The holidays are filled with activities, excitement, and very high expectations for a joyful season.
But for families experiencing the loss of a loved one, the holidays can be especially tough.
Children and grief
When it comes to children, Andy McNeil, senior advisor for Youth Programs at the nonprofit Tragedy Assistance Program for Survivors or TAPS, told WTOP in an interview that it’s common to hear that “kids are resilient, they bounce right back.” But, McNeil said, “kids are not resilient in a vacuum,” they need guidance and support from the adults around them.
Everyone, child or adult, grieves differently. Adults, McNeil advised, shouldn’t assume that children are doing just fine if they don’t bring up the loss of the loved one or if they seem to be carrying on as normal.
“Silent grief is not absent grief,” McNeil said.
He said adults who are having a difficult time with their own grief, or simply want to express it, shouldn’t hide it. Remaining stoic can leave a child feeling isolated.
“You create a situation where kids are left to grieve alone,” McNeil said, adding that there is one caveat to that advice. “And that is, you don’t want to make your grief your child’s grief.”
TAPS has programs that allow kids to talk about their feelings in a group setting.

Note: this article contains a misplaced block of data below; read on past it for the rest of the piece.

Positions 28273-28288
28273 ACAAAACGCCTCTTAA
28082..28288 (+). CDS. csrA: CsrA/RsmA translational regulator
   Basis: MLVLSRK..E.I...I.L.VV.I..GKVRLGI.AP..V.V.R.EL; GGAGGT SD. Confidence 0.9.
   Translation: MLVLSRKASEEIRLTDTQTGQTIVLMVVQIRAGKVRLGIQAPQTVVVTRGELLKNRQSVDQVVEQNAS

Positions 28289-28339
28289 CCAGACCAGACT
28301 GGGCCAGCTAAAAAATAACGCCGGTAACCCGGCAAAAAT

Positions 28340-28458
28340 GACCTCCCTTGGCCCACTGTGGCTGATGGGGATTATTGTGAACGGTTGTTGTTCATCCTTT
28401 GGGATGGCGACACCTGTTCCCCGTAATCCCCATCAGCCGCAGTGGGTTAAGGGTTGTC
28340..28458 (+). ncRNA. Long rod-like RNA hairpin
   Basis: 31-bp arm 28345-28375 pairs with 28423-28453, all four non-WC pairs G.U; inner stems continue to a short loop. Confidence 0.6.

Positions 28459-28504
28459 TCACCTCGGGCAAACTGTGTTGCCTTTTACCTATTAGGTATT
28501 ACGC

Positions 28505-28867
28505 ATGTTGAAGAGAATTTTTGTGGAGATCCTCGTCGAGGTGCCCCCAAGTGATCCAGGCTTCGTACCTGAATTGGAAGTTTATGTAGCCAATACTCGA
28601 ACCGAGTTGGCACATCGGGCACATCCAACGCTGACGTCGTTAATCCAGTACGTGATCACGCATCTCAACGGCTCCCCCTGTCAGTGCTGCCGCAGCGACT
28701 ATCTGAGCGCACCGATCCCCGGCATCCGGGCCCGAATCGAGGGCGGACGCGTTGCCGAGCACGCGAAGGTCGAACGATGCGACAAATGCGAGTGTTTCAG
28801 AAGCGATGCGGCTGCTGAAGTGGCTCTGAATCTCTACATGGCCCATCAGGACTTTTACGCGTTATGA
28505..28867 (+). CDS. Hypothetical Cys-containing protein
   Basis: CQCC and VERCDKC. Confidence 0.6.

“Peer support works,” McNeil told WTOP. “Because children will open up with each other and they’ll help us understand what it is that they need from us when we can open that dialogue.”
Make a plan
At holiday time, parents may want to withdraw from all the celebrations, but children “may actually have a need to participate,” McNeil said.
There are some strategies that can help. One is that the surviving adults can be upfront about how they’re feeling.
“Validate that you’re grieving, and that acknowledge to your child that this is going to be a difficult holiday for you,” McNeil said, adding that you will do what you can during the holidays and that as a family, you’ll “celebrate in the ways that you want to celebrate.”
He said that families can make a plan to design the holiday in a way that works for them.
“Part of that plan could be being OK with change,” McNeil said. “You don’t have to do everything that you’ve always done during the holidays,” he said, but maybe keep a few familiar traditions — ones that give comfort — in the mix.
This is also the time for a family to call on their support system.
“All those people who came through and told you in the past ‘If you need anything, let me know,’ reach out to them and this is the time to let them know,” McNeil said, adding they can help with errands, or invite your family over to participate in some of their holiday activities.
And try to be OK with the idea of change. “It doesn’t have to be the way it was in the past. This holiday will be what it is based on where you are as a family, and what you’re going through,” he said.
Find the joy
“Joy is not something we can manufacture,” McNeil said. “But we certainly can make choices to put ourselves in situations where we’re more likely to experience some level of joy and meaning and purpose over the holidays.”
“People will feel guilty,” said McNeil, “about feeling any sort of joy or happiness. It feels contrary to what you should be experiencing.” But he emphasizes, “the reality is we can experience both joy and sorrow at the same time.”
TAPS is a nonprofit organization dedicated to working with surviving families of service members and veterans.